White, the Legislature’s only Black Republican, emphasized his energetic leadership in contrast to what he calls Miller’s ineffectual management of the state agency. White said Miller is “worse than Biden when it comes to protecting farmers and ranchers in Texas.”
“Robust legislative engagement is sorely missing, and if it was there, our agriculture industry could work even more efficiently and be more prosperous,” White said.
For his part, Miller said he doesn’t think White is qualified. The commissioner said his opponent “doesn’t know anything about the agency,” which he said has the “highest ethical standards.”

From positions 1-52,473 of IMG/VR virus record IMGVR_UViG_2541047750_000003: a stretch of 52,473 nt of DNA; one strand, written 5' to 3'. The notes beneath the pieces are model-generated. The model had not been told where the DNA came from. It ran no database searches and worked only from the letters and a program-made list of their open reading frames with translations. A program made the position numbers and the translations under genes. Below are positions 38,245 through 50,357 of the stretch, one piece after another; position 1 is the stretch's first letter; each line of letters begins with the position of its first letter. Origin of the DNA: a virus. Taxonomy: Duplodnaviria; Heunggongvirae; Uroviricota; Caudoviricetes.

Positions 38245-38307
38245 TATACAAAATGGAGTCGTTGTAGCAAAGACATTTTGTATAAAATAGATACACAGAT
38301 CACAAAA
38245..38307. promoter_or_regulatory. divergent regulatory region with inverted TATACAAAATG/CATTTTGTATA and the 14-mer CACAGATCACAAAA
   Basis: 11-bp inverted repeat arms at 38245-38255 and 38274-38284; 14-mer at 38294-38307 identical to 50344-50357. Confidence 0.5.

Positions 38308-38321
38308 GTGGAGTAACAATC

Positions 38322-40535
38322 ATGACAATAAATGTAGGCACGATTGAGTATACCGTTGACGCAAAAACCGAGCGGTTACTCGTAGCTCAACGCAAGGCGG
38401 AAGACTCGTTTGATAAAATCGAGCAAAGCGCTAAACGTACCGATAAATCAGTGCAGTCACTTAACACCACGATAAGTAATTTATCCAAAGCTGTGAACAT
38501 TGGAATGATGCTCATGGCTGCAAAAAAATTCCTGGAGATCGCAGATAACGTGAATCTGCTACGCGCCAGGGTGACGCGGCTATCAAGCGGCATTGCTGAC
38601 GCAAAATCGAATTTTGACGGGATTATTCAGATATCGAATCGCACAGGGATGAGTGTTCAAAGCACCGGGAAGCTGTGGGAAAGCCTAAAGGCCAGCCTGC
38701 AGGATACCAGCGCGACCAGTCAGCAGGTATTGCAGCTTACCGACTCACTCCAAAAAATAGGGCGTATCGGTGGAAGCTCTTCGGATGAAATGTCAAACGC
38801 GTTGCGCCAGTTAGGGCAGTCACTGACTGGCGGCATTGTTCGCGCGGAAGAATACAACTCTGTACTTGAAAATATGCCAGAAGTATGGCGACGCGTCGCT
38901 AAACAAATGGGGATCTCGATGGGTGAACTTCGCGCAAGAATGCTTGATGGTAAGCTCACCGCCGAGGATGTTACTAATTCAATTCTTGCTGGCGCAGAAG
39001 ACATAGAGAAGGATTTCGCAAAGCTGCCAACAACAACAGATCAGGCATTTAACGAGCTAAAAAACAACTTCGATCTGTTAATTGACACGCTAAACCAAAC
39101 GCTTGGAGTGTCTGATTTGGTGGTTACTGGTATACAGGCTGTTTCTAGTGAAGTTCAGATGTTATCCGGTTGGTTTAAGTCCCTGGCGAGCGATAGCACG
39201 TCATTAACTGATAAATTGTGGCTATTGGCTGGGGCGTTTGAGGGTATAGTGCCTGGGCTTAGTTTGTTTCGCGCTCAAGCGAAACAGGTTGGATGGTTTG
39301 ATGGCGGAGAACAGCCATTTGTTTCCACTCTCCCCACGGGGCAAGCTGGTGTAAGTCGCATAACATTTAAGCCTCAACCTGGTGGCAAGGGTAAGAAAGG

“I’m an eighth-generation farmer and rancher,” Miller said. “I live, eat and breathe agriculture. I still make my living off the land – he’s none of that.”
The incumbent said his re-election campaign will focus on stopping foreign ownership of agricultural land and “fighting back against the overreach of the federal government,” among other issues.
Miller has a strong lead among the most likely GOP primary voters over White, 34%-3%. But a whopping 61% are unsure or don’t know for whom they’ll vote, according to a poll released in November by the Texas Hispanic Policy Foundation.
Miller’s baggage in part makes him one of the weakest incumbents on the Republican slate, said Cal Jillson, professor of political science at Southern Methodist University.
Miller easily won his seat in 2014, but four years later, he got just 55.8% of the primary vote and won by five points in the general election. The state consumer protection agency markets Texas products, administers school lunches and pursues economic development opportunities, among other things.